In other locales, landowners are usually concerned when they see herbicides being applied near their property. But thanks to the outreach program, this is rarely the case in Clark County, where property owners are told in advance about the benefits of herbicides. As a result, “some of the landowners are interested in spraying their own land with the same herbicides we're using,” Burgess says.

Burgess and his team members also evaluate the correct timing in which to apply herbicides to get the most efficacy possible. And while only Clark County employees can apply herbicides on county lands, the department shares this information with the public to ensure proper use on private lands. “We have found that people, although interested in controlling weeds, often don't understand the need for the correct herbicide use and timing,” he says. “We want to make sure they aren't wasting their time and money or getting sub-par results.”

One of the most important parts of the program is the volunteers who help spread the word about invasive species. Eight men and women licensed by the Washington Department of Agriculture as herbicide applicators “help us reach people in a way that we can't do on our own with the limited resources we have,” Burgess says. “They keep greenhouses of invasive species that we display at our outreach events, to help landowners identify what weeds are on their properties.”

When land has been overtaken by weeds that are required by state law to be eradicated, the volunteers often help remove the plants by hand.

Another reason residents accept the use of herbicides is the county's emphasis on finding safe solutions. The “Green Team” — a cross-functional team of county staff that oversees environmental stewardship efforts — consults with county department users and technical experts to establish environmental criteria and evaluate herbicides based on the potential for groundwater and surface water contamination. The team also trains county employees and applicators on safety practices.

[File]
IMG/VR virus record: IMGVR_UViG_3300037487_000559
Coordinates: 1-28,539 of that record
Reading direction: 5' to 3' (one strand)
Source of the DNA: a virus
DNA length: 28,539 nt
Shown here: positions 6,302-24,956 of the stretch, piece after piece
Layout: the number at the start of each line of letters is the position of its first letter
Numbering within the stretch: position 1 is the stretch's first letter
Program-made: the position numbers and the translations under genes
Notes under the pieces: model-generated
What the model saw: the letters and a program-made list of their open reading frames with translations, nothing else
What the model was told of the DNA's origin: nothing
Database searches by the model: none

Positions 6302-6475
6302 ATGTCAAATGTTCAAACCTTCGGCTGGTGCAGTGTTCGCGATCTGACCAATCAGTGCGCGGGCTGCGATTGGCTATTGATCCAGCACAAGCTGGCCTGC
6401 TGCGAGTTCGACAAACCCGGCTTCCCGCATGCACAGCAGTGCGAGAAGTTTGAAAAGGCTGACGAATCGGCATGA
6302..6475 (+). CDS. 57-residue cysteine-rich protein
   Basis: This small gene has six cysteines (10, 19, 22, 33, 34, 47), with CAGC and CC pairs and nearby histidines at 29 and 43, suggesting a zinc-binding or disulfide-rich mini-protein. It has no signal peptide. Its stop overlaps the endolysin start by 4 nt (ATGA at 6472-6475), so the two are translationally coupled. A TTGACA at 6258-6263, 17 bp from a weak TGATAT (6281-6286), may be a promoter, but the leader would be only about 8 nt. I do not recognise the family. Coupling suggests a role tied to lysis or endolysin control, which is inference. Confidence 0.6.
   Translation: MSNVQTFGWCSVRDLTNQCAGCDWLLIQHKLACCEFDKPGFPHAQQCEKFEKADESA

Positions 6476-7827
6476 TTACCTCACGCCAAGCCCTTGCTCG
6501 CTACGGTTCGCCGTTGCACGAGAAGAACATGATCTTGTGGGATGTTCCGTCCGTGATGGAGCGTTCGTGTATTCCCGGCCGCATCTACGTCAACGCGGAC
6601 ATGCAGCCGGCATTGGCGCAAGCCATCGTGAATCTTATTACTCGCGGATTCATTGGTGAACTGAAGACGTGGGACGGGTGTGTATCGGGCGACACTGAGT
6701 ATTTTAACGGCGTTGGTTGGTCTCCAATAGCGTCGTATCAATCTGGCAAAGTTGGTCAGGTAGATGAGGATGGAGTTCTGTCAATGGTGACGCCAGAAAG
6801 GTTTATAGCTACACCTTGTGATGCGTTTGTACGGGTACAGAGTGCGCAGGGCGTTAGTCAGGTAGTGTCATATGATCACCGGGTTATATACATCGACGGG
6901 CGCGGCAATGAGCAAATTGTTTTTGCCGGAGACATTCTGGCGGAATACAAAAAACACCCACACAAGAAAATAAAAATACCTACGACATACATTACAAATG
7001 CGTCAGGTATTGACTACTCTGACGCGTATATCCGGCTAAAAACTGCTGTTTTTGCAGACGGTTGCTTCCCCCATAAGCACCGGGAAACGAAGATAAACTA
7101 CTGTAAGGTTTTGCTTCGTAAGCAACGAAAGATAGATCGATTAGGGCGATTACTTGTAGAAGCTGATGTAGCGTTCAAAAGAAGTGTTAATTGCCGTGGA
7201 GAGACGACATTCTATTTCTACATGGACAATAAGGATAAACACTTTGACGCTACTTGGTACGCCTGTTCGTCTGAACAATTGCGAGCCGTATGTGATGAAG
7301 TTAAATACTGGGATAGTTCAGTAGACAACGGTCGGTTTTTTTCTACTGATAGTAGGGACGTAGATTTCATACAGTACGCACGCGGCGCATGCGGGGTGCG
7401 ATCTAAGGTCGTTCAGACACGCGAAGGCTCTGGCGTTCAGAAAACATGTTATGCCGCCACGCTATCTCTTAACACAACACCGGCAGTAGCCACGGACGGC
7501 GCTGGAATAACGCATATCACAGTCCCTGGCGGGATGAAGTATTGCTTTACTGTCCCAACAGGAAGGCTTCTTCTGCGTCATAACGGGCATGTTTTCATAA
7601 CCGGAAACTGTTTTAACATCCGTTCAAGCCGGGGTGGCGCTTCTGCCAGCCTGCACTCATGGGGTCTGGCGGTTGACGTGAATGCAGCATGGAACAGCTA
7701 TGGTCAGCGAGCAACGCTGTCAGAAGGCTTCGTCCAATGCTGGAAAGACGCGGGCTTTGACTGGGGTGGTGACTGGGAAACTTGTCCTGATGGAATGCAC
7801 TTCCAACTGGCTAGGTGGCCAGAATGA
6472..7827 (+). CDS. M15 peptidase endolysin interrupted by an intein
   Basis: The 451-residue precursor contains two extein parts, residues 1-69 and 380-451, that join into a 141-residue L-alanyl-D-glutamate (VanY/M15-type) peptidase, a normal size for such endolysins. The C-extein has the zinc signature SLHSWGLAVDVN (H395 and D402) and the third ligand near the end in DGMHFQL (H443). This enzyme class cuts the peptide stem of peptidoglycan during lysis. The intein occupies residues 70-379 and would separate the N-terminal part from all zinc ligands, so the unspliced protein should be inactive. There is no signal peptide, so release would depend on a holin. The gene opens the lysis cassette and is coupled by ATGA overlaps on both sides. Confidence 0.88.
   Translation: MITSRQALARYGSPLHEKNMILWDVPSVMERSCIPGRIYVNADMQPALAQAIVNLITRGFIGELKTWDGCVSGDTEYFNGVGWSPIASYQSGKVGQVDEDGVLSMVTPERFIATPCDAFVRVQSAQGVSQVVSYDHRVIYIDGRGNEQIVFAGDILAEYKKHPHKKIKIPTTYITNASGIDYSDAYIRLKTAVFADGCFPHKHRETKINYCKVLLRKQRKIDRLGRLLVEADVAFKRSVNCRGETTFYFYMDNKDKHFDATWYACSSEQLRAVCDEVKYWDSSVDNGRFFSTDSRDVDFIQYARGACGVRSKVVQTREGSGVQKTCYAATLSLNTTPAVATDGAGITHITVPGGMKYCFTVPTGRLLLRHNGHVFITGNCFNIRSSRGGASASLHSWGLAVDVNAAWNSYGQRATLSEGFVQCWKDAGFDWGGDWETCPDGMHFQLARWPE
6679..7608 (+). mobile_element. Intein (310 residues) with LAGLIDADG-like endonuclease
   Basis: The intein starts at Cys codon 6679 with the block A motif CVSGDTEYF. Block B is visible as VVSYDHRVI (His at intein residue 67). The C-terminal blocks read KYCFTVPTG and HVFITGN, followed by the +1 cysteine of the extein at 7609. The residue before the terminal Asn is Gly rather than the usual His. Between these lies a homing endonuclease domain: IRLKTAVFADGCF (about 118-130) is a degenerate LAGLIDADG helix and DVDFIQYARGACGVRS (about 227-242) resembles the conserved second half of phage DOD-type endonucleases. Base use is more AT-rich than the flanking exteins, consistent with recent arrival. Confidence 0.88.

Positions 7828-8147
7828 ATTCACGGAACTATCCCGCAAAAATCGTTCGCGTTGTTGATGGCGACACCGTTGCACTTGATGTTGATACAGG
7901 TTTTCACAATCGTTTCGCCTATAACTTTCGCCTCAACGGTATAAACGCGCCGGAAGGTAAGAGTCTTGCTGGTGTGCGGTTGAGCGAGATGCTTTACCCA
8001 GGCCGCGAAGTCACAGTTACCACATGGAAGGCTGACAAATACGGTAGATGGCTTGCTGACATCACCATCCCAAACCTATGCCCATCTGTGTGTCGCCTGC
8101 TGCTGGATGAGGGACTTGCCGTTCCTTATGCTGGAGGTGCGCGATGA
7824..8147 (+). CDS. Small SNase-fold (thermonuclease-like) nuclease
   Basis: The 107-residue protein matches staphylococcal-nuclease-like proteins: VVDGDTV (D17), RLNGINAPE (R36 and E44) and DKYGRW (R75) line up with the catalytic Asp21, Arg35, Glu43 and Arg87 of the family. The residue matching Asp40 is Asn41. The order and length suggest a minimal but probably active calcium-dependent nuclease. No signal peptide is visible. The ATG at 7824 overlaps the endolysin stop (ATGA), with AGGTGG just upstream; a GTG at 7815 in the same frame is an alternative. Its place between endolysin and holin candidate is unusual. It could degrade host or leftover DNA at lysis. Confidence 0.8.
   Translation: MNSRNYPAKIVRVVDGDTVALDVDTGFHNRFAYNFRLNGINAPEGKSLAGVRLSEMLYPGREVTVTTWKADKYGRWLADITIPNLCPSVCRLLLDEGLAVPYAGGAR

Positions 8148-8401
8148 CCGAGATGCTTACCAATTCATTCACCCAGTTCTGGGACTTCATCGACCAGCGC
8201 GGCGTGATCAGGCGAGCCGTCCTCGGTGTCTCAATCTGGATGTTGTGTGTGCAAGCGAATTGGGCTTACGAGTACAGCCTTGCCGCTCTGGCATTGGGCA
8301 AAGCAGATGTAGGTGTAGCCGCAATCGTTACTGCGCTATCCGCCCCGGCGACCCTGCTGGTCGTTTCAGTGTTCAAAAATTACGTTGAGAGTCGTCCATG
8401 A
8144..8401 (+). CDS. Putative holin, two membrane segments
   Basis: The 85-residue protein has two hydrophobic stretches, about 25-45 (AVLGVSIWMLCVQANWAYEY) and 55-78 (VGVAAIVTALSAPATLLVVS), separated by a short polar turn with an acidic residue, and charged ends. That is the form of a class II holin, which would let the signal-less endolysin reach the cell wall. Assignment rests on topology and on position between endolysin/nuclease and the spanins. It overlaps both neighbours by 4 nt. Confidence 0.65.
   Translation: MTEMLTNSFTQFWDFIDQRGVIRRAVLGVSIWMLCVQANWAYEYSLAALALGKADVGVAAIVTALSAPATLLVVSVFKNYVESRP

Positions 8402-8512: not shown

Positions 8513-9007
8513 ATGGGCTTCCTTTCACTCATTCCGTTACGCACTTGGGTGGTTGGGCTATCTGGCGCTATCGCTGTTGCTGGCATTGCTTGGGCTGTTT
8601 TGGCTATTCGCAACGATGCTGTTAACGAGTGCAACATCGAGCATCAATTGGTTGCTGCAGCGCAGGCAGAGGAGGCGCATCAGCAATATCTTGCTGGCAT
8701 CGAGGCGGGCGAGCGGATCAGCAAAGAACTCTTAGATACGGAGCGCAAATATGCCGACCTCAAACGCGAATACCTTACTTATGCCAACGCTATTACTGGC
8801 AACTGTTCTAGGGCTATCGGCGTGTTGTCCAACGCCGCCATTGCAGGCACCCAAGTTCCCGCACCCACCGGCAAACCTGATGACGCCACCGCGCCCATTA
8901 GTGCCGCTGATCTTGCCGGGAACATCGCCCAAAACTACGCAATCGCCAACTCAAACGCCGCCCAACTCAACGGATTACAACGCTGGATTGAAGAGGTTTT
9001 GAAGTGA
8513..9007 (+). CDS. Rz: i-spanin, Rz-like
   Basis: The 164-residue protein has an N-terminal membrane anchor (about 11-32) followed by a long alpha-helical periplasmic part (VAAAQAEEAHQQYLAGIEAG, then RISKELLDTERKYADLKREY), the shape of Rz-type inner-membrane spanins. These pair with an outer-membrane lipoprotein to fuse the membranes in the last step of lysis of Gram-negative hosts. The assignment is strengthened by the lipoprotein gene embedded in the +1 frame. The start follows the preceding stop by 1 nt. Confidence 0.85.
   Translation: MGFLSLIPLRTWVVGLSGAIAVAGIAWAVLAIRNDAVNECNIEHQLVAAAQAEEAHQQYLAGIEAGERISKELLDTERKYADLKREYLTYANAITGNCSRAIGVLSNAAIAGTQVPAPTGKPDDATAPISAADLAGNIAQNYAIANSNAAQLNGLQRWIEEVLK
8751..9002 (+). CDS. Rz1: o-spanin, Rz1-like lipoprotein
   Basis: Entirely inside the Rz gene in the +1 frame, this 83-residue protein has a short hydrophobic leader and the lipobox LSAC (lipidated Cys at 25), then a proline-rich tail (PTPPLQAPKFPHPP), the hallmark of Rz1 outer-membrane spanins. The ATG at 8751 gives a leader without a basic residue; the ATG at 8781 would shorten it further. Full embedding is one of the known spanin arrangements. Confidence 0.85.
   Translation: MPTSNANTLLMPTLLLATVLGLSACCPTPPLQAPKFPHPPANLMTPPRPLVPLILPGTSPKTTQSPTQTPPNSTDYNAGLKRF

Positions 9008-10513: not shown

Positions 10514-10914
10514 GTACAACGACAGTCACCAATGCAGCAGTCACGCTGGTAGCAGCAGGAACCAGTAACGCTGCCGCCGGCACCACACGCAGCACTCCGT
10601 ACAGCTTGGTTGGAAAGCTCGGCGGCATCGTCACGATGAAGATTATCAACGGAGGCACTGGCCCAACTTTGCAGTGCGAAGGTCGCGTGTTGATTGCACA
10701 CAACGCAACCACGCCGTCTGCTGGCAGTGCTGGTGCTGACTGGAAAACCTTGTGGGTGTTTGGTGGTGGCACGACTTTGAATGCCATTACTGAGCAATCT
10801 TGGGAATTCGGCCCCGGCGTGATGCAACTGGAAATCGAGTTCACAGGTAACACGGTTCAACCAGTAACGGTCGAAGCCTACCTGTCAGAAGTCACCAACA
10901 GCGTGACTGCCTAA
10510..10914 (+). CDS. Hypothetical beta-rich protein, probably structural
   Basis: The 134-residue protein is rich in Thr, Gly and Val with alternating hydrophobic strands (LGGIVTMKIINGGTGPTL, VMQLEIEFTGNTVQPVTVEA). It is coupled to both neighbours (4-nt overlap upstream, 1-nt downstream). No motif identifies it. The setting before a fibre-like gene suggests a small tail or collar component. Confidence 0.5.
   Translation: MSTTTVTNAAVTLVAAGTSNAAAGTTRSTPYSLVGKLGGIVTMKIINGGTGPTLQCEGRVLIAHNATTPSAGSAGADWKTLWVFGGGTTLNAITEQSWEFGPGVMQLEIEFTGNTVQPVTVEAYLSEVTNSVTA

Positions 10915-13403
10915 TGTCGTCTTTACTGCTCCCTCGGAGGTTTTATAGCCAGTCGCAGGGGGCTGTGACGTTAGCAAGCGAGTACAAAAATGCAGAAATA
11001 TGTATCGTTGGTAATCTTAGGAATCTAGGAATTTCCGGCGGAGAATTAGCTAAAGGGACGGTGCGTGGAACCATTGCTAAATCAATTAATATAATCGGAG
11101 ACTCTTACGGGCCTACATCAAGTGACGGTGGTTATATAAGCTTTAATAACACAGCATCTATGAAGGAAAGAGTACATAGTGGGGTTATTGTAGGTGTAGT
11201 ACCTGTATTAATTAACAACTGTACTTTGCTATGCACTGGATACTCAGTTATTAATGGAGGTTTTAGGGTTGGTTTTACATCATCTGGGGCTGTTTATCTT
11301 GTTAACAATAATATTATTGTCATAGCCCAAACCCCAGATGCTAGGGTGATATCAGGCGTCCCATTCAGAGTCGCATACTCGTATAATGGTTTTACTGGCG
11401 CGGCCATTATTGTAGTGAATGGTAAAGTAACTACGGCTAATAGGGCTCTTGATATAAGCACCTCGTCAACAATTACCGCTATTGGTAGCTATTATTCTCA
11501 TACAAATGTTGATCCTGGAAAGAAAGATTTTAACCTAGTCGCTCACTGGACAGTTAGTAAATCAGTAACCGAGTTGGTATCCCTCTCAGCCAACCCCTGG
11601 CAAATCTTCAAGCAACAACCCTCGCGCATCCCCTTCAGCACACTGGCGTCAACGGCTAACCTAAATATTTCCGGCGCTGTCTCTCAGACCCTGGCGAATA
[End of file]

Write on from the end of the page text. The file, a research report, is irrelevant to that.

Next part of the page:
At least one herbicide — Milestone VM from Dow AgroSciences LLC — that the division relies on is registered under the EPA's Reduced Risk Pesticide Initiative. “It's been a real benefit for us to use herbicides with low environmental impact,” says Burgess.

Another requirement for an herbicide is its effectiveness.

“It's important that we get more than just a burndown of target weeds,” Burgess says. “[With herbicides] Some invasives aren't even coming back the next growing season, which has reduced our costs. Grasses have grown in nicely, and we haven't had any problems with brownout. Perhaps most important, the surrounding landowners see the end results.”

Grants from the state agriculture department help the county eliminate early infestations of noxious weeds, such as yellow flag iris and garlic mustard. Public education also helps the county financially by enlisting the cooperation of residents in the quest to rid land of dangerous plants.

When the above steps aren't enough to control an invasive species, state law and Clark County code makes landowners responsible for controlling the spread of noxious weeds on their property. To enforce the law, Clark County's Weed Management Division established a notification program in 1990.